In Atlantic Canada, lobster bait typically includes herring or mackerel, but the decline of these species is leading to a search for alternatives. Photo by Robert F. Bukaty/AP Images

ME - Is Sausage the Missing Link in the Great Bait Debate?

Lobster and snow crab fisheries are booming, but the bait used to catch them—herring and mackerel—is not, so the search for alternative baits is on.

Imagine you’ve got a lobster in front of you, bright red and softly steaming. There’s a fish in that picture, too, though you can’t see it—the fish that was tucked into a trap to lure in the lobster that could end up on your dinner plate.

There’s no fish visible in the thick sausage Wally MacPhee lifts off the top of a half pallet of cardboard boxes either, even if it smells of the sea and has a piscine give to it when squeezed. But he’s hoping lobsters won’t know that—for the fishers’ sake, and for the sake of the small silvery baitfish this partially frozen cylinder is meant to replace.

In Canada’s Atlantic provinces, fisheries for lobster and snow crab are booming; in 2022, lobster prices reached record highs, and fisheries managers increased the quota for snow crab in some places by 32 percent. But these fisheries are on precarious footing nonetheless. The small species that have traditionally been used as bait—namely, mackerel and herring—have declined, leaving the long-term viability of the trap fisheries in question.

Help may come from a squat building abutting the wharf in Nine Mile Creek, Prince Edward Island, where MacPhee and his business partner Mark Prevost, who sport matching salt-and-pepper beards and black baseball caps, tour me around the small facility where they manufacture a bait alternative from fish processing waste that, at least for lobsters, is almost indistinguishable from the real thing.

Trying to convince people in a traditional industry to buy into something new is a challenge. Still, for MacPhee and Prevost, there’s an urgency to this work. It’s an imperative derived from Prevost’s own time as a commercial fisher when he was struck by how much of the fish he brought in wound up in traps rather than on the table. It was food, really, he says. “Using two pounds of bait to catch one pound of lobster just didn’t make any sense.”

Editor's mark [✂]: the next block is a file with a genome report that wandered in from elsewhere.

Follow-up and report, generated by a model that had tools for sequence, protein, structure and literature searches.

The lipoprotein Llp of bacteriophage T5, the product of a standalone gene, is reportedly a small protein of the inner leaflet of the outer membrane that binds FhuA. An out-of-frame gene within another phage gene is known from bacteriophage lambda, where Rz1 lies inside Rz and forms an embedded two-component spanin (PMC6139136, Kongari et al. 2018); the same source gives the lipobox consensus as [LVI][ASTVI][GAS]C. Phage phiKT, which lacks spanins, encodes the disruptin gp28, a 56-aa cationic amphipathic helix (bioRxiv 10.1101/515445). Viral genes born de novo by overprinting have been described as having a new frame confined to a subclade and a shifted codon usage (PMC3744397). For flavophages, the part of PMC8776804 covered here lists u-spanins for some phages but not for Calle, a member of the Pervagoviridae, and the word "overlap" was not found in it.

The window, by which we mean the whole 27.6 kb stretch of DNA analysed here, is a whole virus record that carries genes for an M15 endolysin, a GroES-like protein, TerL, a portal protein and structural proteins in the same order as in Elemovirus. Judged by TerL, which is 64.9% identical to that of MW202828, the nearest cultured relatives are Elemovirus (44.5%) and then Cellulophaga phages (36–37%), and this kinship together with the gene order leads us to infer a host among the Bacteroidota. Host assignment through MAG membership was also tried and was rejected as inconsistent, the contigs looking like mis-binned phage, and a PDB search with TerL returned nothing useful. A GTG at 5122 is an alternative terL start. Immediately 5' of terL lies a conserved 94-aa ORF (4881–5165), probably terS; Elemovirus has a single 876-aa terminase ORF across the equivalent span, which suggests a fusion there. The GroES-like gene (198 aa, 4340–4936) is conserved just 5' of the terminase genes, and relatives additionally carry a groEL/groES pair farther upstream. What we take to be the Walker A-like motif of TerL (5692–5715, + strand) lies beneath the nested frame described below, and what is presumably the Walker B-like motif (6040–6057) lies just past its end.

bait in a lobster trap
Even though lobsters typically eat sea urchins and other benthic animals, traps are most typically baited with fish, such as the herring and redfish shown here. Photo by Jeffrey Rotman/Alamy Stock Photo

Until recently, MacPhee and Prevost have been the ones more likely to be seen as nonsensical. Trap fisheries have used the same bait for centuries, and those forage fish have always been available. More importantly, in fisheries where seasons are short and every minute (and trap) counts, they’re effective. But amid concern about the state of fish stocks and a growing appreciation for the ecological importance of the species used in traps, the blind spot once occupied by bait has come into focus, with some fishers and researchers saying alternatives are desperately needed: for the well-being of coastal communities, for marine ecosystems, and for the disappearing fish carrying all of it on their backs.

As much as mackerel, herring, and other forage fishes underpin fishing in the northwest Atlantic, they serve an equally important role in marine ecosystems. Forage fish are part of the base of the ocean’s energy pyramid, consuming tiny creatures like copepods and, in turn, being consumed by humpback whales, puffins, and a whole host of other species.

Bait use has altered that food chain, with mackerel and herring turning lobsters, which would normally eat sea urchins and other bottom-dwellers, into fish eaters. Scientists have even hypothesized that because wily lobsters are so good at snagging a meal out of traps without being caught, the intensive use of bait can result in a larger lobster population than would exist otherwise. Yet until very recently, Fisheries and Oceans Canada (DFO) did not track the volume of bait being caught. Many lobster and crab fishers have licenses to catch their own mackerel and herring, and the magnitude of that catch was not quantified. Much of the commercial catch for these species, which is measured, also goes to bait.

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